Under the plain text of the statute, the quantity of controlled substance is not determinative of eligibility for modification of sentence under Section 404 of the First Step Act. The Court finds, for the reasons set forth in United States v. Wirsing, __ F.3d __, No. 19-6381, 2019 WL 6139017 (4th Cir. 2019), United States v. Mabry, 2019 U.S. Dist. LEXIS 192435 (E.D. Va. Oct. 31, 2019), and United States v. Hardnett, __F.Supp.3d __, No. 3:03cr12, 2019 WL 5445888 at *1 (E.D. Va. Oct. 24, 2019), Brown is eligible for modification of sentence under Section 404(b) of the First Step Act. That is because Brown, before August 3, 2010, violated a federal criminal statute, the statutory penalties for which were modified by Section 4 04 of the First Step Act. 2 or 3 of the Fair Sentencing Act of 2010.

         Of course, whether to grant the request to modify the sentence is a matter that lies within the discretion of the Court. The exercise of that discretion is to be informed by all of the information in the record, the position of the parties, the appropriate sentencing statute, and the objectives of the sentencing statute, as well as Brown's post-conviction rehabilitation. And, the Court also may take into account, in determining whether to grant a modification and, if so, how much, the quantity of controlled substance attributable to Brown during the course of the offense conduct.

         The exercise of that discretion begins with an analysis of the offense conduct in which Brown engaged. That analysis discloses an extremely serious offense spanning five years and involving very large quantities of illegal substances. Also, it is necessary to consider Brown's criminal history and, in this case, Brown's history is indeed serious. In sum, nothing in the offense conduct or Brown's criminal history counsels in favor of a modification of sentence.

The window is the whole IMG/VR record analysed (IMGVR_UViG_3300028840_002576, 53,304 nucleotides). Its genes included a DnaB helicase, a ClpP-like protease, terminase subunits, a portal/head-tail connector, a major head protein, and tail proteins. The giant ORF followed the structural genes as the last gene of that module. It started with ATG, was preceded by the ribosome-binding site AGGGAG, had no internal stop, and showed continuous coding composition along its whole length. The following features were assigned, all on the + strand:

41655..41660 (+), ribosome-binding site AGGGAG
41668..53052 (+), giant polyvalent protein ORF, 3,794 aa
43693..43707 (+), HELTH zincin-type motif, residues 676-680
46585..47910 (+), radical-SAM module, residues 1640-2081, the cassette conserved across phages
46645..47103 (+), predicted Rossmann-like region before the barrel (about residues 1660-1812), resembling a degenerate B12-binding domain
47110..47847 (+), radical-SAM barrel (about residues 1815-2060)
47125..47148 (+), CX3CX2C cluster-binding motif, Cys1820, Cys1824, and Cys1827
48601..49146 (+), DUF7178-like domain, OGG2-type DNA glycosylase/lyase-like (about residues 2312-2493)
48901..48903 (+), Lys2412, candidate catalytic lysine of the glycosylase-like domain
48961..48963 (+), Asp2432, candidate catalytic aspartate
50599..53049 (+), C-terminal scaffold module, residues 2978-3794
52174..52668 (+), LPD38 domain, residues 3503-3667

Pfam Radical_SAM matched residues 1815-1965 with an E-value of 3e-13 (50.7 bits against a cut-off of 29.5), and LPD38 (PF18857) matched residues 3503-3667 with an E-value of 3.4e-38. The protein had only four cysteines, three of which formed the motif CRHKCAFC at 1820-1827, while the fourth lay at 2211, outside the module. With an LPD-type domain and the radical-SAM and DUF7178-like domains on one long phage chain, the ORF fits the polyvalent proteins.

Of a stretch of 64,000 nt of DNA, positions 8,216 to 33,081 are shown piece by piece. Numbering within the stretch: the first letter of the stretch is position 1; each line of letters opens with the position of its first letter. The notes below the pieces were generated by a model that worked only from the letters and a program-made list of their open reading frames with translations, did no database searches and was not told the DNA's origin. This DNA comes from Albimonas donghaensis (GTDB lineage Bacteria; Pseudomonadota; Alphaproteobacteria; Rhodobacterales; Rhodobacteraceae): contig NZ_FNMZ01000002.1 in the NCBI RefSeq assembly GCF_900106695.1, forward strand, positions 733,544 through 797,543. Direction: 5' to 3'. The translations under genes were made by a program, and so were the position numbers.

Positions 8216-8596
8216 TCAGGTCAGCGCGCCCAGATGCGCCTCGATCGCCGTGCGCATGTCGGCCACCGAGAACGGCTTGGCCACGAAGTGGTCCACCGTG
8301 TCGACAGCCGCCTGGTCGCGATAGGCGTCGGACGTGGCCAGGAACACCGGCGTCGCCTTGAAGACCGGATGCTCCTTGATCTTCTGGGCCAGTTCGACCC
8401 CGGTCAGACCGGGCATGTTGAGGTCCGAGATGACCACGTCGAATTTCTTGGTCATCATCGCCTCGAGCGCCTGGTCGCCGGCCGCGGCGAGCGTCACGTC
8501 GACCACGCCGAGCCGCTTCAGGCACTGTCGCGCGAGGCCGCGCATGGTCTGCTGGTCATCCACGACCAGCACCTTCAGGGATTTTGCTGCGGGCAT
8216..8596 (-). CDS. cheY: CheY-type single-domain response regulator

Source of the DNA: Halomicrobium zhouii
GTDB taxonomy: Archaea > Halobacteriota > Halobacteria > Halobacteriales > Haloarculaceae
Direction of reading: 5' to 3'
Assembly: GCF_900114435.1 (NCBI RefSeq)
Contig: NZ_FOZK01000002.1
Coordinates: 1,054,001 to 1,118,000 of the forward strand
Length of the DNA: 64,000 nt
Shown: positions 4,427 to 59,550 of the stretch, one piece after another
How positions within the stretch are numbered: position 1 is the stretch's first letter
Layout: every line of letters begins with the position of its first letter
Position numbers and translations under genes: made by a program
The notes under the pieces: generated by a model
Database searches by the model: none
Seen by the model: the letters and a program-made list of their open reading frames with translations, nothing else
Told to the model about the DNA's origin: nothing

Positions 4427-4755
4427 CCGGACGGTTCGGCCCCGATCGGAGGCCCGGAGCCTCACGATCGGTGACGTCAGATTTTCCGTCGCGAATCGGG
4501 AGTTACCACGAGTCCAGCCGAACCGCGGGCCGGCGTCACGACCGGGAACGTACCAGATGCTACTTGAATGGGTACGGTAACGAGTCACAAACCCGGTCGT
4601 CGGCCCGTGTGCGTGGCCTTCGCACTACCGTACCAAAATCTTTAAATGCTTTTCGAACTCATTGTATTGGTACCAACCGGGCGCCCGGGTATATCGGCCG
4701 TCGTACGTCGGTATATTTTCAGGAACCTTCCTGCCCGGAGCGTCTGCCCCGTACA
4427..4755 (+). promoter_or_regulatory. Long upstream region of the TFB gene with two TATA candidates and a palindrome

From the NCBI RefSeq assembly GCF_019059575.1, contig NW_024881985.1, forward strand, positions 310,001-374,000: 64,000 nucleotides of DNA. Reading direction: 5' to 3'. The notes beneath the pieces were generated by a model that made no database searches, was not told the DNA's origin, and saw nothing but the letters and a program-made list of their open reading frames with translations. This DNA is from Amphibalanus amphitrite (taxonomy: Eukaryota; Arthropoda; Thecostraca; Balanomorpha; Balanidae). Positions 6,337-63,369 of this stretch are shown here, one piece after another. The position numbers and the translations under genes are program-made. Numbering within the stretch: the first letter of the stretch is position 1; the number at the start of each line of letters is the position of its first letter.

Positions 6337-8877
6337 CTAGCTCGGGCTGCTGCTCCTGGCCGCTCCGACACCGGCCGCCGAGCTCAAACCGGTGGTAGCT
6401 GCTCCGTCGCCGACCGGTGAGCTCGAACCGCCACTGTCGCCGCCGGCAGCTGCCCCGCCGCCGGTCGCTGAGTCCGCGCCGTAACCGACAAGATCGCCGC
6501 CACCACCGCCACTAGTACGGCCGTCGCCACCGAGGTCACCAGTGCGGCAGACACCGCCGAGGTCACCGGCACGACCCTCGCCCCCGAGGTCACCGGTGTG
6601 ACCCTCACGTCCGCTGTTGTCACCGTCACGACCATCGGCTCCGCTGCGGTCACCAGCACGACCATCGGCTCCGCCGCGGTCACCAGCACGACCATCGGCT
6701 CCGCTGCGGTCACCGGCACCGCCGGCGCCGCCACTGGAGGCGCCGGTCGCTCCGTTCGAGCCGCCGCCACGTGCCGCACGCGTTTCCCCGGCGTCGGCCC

Brown argues that the mitigating circumstances in this case justify the relief sought (ECF No. 1610, pp. 16-19) . The cited mitigating evidence is: (1) a letter of support from Brown's friend, Ms. Moyler; (2) a letter from Brown himself both of which represent that Brown has shown remorse for his offense; and (3) the fact that, while in prison, Brown has engaged in work that has taught him important lessons. In that respect, Brown has served as an inmate companion, assisting other inmates with terminal medical issues. And, Brown has completed his general educational requirements and several vocational and personal improvement courses and has received his GED. There is no indication that Brown incurred disciplinary problems while in prison and the record also shows that Brown has been suffering from kidney disease since 2011.

         Brown's efforts to rehabilitate himself in prison and to prepare himself for re-entry into society are laudable. The letters from Brown and his friend disclose remorse. However, that evidence is not sufficient to overcome the seriousness of the offense conduct which was the lengthy (five years) and voluminous (4.09 kilograms of cocaine base) and Brown's serious criminal ...


Buy This Entire Record For $7.95

Download the entire decision to receive the complete text, official citation,
docket number, dissents and concurrences, and footnotes for this case.

Learn more about what you receive with purchase of this case.